Democratic Gov. J.B. Pritzker said Friday that House Speaker Michael Madigan’s declaration that he would not resign after being implicated in ComEd’s federal bribery scandal wasn’t a sufficient response and that he owes the public a full explanation.
“Look, he continues to have unanswered questions hanging out there. He needs to stand up and answer those questions,” said Pritzker, who has called on Madigan to resign if it is proven he played a role ComEd’s efforts to gain political influence with him by offering jobs, contracts and payments to close allies.
“I believe people who serve the public interest, people who get elected to public office, have a duty to be transparent and to live up to the integrity that’s demanded by the public for their public service,” Pritzker said. “He needs to stand up and answer these questions because people have serious questions about those things and any public servant who isn’t willing to do that. And I’ve made that clear.”
Pritzker’s comments at an unrelated news conference in the Little Village neighborhood came a day after Madigan, long the state’s most powerful politician and the nation’s longest-serving statehouse speaker, vowed he would not step down from his governmental role or from his state Democratic Party chairmanship after polling members of his 73-member House majority by phone.
Last month, ComEd agreed to pay a $200 million fine and cooperate with federal prosecutors after they alleged a near-decadelong bribery and influence scheme aimed at winning favor with Madigan. The Southwest Side Democrat, who is not charged with any wrongdoing, was identified as “Public Official A” in the federal documents against ComEd.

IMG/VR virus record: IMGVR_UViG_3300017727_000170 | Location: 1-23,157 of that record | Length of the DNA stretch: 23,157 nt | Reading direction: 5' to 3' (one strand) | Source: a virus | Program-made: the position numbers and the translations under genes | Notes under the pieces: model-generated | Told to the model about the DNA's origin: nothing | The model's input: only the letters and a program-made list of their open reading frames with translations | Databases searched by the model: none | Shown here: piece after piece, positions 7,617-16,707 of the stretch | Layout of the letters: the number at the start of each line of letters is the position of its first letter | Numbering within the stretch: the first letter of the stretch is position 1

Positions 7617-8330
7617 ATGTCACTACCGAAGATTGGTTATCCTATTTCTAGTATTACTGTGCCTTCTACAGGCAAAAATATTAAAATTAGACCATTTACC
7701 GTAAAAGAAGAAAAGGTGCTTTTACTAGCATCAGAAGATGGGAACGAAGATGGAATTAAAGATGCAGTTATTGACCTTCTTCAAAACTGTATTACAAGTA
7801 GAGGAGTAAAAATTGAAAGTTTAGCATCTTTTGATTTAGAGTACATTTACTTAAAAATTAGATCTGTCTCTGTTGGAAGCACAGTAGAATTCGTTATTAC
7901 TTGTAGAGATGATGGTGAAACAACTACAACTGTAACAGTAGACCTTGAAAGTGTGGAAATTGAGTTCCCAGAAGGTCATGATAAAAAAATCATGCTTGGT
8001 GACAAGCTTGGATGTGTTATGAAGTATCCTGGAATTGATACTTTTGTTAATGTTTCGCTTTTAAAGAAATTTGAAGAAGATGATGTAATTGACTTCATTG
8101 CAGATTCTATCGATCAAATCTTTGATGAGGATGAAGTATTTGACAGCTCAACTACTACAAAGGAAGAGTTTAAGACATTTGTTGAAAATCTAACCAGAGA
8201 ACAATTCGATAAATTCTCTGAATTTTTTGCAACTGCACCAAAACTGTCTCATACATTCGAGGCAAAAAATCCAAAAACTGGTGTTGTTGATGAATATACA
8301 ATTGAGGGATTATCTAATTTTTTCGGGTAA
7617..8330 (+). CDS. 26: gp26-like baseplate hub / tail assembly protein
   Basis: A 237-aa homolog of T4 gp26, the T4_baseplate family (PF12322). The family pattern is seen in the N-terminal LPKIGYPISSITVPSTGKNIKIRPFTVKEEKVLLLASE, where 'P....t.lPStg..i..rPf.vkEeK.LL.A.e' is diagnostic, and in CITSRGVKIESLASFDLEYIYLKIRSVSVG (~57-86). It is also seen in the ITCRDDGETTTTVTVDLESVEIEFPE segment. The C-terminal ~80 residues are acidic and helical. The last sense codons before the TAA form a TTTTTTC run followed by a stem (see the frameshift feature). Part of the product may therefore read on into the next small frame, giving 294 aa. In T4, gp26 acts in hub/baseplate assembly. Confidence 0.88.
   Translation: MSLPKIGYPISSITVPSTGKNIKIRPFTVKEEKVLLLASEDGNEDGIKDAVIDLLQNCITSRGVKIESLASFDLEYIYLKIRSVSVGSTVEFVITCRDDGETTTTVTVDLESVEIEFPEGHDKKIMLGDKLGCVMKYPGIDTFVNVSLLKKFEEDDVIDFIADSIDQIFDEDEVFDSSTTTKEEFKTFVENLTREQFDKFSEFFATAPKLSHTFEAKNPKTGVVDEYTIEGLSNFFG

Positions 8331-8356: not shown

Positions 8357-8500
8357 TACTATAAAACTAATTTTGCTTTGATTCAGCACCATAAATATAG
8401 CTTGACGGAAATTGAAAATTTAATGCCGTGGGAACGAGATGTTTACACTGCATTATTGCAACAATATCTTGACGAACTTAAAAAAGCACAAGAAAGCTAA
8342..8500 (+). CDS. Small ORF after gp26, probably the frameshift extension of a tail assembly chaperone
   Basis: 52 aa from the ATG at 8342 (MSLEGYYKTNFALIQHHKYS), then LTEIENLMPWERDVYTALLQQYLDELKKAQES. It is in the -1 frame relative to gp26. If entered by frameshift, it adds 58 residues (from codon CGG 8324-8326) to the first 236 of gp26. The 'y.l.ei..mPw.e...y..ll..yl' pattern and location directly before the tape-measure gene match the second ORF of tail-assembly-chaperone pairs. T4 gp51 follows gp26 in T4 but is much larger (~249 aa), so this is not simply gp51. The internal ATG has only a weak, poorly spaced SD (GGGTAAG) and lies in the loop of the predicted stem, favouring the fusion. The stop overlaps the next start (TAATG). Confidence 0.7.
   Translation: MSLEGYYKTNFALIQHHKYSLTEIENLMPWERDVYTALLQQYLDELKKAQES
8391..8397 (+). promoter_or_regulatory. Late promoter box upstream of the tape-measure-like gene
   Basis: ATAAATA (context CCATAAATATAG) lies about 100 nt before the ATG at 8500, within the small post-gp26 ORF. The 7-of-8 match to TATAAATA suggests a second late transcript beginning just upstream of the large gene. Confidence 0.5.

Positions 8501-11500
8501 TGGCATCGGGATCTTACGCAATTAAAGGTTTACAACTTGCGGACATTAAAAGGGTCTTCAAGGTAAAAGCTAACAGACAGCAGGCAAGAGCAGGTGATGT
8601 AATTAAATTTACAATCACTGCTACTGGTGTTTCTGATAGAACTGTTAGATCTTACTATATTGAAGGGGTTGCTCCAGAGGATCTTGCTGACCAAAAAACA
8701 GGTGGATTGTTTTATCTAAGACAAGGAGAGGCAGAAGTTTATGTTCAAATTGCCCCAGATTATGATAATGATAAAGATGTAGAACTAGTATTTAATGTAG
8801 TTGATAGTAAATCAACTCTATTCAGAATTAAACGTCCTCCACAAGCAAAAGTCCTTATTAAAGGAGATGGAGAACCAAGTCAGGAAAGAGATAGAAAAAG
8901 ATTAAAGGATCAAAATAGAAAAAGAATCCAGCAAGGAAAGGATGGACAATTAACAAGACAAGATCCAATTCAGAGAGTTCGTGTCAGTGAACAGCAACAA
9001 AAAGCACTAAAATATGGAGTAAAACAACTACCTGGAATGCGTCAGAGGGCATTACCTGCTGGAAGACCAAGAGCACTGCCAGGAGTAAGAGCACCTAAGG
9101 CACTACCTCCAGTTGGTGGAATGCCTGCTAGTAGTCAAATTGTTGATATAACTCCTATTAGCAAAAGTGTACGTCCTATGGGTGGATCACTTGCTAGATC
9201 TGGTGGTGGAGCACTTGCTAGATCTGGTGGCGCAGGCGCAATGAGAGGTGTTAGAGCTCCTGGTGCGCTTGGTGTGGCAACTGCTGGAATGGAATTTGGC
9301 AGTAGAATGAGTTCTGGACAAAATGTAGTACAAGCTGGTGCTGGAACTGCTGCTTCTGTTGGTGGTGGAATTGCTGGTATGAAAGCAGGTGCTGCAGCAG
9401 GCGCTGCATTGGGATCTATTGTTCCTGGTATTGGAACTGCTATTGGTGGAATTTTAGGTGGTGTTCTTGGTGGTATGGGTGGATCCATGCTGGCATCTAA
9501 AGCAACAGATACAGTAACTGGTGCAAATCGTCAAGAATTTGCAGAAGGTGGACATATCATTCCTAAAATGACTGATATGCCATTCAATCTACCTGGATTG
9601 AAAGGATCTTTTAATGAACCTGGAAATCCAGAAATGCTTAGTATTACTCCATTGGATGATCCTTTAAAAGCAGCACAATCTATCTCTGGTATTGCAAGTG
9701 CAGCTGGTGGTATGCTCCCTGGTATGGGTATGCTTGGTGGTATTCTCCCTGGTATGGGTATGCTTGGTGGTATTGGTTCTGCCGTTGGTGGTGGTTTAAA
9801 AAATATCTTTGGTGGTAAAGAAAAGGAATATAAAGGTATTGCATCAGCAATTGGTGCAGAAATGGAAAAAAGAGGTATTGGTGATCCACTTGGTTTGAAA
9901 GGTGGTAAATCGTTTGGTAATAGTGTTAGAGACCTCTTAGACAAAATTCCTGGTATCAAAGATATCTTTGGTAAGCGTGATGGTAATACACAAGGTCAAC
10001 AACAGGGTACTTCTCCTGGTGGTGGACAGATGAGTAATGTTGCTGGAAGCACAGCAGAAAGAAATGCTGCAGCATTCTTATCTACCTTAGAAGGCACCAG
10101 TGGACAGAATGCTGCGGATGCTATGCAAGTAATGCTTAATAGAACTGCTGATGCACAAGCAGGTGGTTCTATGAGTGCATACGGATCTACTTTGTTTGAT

In a statement issued Thursday night after contacting members of his caucus, Madigan said, “I have never made a legislative decision with improper motives and any claim otherwise is unfounded.”
“I understand that the last couple of weeks have been difficult for our caucus and party, and I have had many candid conversations with members of the Democratic caucus on this matter. The feedback is positive and demonstrates continued support for me and my leadership roles,” he said.
“I have no plans to resign,” said Madigan, 78, who has held the speaker’s gavel since 1983 with the exception of two years in the mid-1990s when Republicans gained control of the chamber.
Madigan has seen increasing calls for him to resign from his legislative post, his state party chairmanship or both. On Thursday, two members of his House majority said Madigan was polling members asking if they agreed with Democratic state Reps. Terra Costa Howard of Glen Ellyn and Stephanie Kifowit of Oswego, who both asked Madigan to step down from his governmental post. Costa Howard also said Madigan should resign as state Democratic chair.
Overall, seven Democratic legislators -- Reps. Costa Howard, Kifowit, Kelly Cassidy of Chicago and Anne Stava-Murray of Naperville; and Sens. Melinda Bush of Grayslake, and Heather Steans and Iris Martinez of Chicago -- have called on Madigan to at least resign his speakership.
On Friday, Democratic state Rep. Jonathan “Yoni” Pizer of Chicago, called for Madigan to step down as speaker and Democratic chair.
“I urge my fellow members of the Illinois General Assembly to join me in calling for Speaker Madigan’s resignation,” Pizer said. “This is a principled position which should be met without threats of political retribution from House leaders or staff. With the speaker’s resignation, I believe we can focus on the critical issues that matter most to our state and our nation.”
Pizer was appointed to the House in February and lost a primary bid in March for election to the North Side seat.
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